Blauw’s Philip Rouwenhorst on why sponsorship evaluations should explore more than ‘the final number’

Blauw’s Philip Rouwenhorst on why sponsorship evaluations should explore more than ‘the final number’

Philip Rouwenhorst of Blauw Sponsoring Insights explains that searching for a simple quantitative conclusion as opposed to a range of insightful data is neither easy nor useful. It’s a good reminder that there is no isolated piece of data that tells you everything you ought to know about your sponsorship performance. Blauw's methodology goes further to ask: how does sponsorship influence the consumer thought process?

"Through deep segmentation of the data, we create subgroups. By comparing these subgroups or segments over time, we can then come close to seeing what the effect of sponsorship is on the behaviour of consumers and the image consumers have of the brand."

As part of the broader marketing mix, the direct impact of a sponsorship is often clouded by concurrent marketing activities. In their analytical process, Blauw design a tailored questionnaire for consumers relevant to the sponsorship being measured. Organisations know how to collect data and are quite capable of producing a questionnaire; Blauw attracts companies with their understanding of what the data means for the future of a sponsorship portfolio and its activations.

"It's in providing our clients with conclusions, suggestions, and interpretation of the data where we make a difference."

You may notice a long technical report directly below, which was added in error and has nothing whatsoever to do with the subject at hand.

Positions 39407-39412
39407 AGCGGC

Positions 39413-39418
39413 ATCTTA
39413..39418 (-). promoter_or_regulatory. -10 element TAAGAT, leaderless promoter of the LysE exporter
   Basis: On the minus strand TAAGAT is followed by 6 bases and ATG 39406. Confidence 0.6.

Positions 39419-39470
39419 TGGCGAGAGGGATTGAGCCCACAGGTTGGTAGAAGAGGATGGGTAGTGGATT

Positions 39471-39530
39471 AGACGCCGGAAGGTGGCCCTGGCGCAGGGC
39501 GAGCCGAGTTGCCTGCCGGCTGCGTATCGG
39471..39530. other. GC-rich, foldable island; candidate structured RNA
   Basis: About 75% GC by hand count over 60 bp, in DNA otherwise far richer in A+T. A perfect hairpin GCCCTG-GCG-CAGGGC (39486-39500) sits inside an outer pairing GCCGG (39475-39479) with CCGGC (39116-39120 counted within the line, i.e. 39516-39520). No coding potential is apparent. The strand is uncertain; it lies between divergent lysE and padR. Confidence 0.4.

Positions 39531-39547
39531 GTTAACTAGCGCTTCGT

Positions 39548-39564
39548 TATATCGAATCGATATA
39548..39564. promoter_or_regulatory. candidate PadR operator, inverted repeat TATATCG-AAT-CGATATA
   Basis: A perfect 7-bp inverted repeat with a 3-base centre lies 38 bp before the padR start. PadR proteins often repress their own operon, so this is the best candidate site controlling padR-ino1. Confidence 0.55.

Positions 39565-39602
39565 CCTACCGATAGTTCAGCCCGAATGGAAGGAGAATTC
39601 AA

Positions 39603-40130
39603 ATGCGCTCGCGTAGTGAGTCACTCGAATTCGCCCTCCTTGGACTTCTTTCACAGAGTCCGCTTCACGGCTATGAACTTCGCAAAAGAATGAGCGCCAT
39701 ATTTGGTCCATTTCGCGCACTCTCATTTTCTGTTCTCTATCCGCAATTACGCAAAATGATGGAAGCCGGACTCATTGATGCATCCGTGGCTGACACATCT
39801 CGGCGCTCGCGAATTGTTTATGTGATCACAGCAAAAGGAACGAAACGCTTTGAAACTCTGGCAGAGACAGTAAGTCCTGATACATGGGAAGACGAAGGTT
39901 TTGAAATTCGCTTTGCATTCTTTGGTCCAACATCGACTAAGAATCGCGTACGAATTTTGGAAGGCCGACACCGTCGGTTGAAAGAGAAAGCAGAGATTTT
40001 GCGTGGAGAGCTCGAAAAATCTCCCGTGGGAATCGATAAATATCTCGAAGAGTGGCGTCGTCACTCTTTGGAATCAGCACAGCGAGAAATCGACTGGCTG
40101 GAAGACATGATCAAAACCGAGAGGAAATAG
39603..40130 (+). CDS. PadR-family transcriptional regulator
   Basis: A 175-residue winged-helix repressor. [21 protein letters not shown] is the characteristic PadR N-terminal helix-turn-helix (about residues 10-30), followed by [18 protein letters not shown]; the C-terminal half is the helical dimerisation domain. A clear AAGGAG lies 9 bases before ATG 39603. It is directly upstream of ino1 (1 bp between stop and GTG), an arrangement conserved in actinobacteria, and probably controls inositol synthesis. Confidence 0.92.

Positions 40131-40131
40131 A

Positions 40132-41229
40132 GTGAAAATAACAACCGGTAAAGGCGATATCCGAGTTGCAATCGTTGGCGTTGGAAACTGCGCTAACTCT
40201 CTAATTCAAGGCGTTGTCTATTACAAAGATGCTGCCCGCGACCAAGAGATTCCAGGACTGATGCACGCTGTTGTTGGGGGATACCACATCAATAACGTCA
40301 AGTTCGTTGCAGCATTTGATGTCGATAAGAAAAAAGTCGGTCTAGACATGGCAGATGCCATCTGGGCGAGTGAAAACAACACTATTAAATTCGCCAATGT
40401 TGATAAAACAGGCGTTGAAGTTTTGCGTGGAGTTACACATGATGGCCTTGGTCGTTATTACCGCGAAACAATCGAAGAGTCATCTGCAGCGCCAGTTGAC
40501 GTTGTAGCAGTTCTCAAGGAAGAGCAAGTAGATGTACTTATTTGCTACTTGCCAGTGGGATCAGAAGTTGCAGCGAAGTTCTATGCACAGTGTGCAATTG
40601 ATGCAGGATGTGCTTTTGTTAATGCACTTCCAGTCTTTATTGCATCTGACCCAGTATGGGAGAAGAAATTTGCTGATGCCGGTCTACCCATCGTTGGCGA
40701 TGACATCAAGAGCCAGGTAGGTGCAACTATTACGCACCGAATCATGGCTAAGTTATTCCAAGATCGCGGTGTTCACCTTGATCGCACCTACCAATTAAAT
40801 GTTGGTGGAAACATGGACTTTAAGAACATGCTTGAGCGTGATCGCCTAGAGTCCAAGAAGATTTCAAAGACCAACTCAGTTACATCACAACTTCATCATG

While single-figure summaries of a sponsorship may be valuable as part of a brief overview, Blauw's active data collection produces wider performance evolutions and penetrating insights into that data. Targeting the gradational unfolding of a sponsorships and its activations - as opposed to simply marking its start and finish lines - enables this ongoing flexibility. With active data collection, companies ultimately grow to know their brand, their consumer, and their sponsorships better. Blauw's atomisation of performance makes sense in a commercial reality where incremental changes and behaviours are nudging the numbers in one way or another. Crucial KPI's like consumer perception demand qualitative and quantitative understanding when moving forward with or scaling down sponsorship activations; in doing much of their work continuously, Blauw are able to construct a picture of an entire season, or an entire sponsorship cycle. The value is then supplanted with their specialised advice.

"The added value of our service is in the consultation and adjustment."

With short-term measurements, companies can be more responsive to data at the level of social media posts and smaller activations, not merely lengthy campaigns. As such, Blauw's methodology is suitable across sponsorships of varied size and scope.

A solely numerical distillation of performance is tempting, and Philip accepts that "'[w]hat you should pay' or 'what you should have paid' or 'what a sponsorship is worth' is information everyone ultimately wants, but that is also not realistic to exactly find using any methodology." Looking for an isolated number to take to your CFO as quickly as possible is not painting the full picture.

Brands sponsoring in women’s football, for instance, would only find that they generate less exposure compared to men’s football. That is only half of the story, though, since the exposure it does create might actually work much better for your brand. That information is exactly what we provide our clients with.”

ROI calculations are fundamentally about assessing past actions and determining future potentials. With the numerous types of marketing strategies involved in partnership campaigns, it is critical to pick a methodology that offers the most meaningful answers, not the easy ones.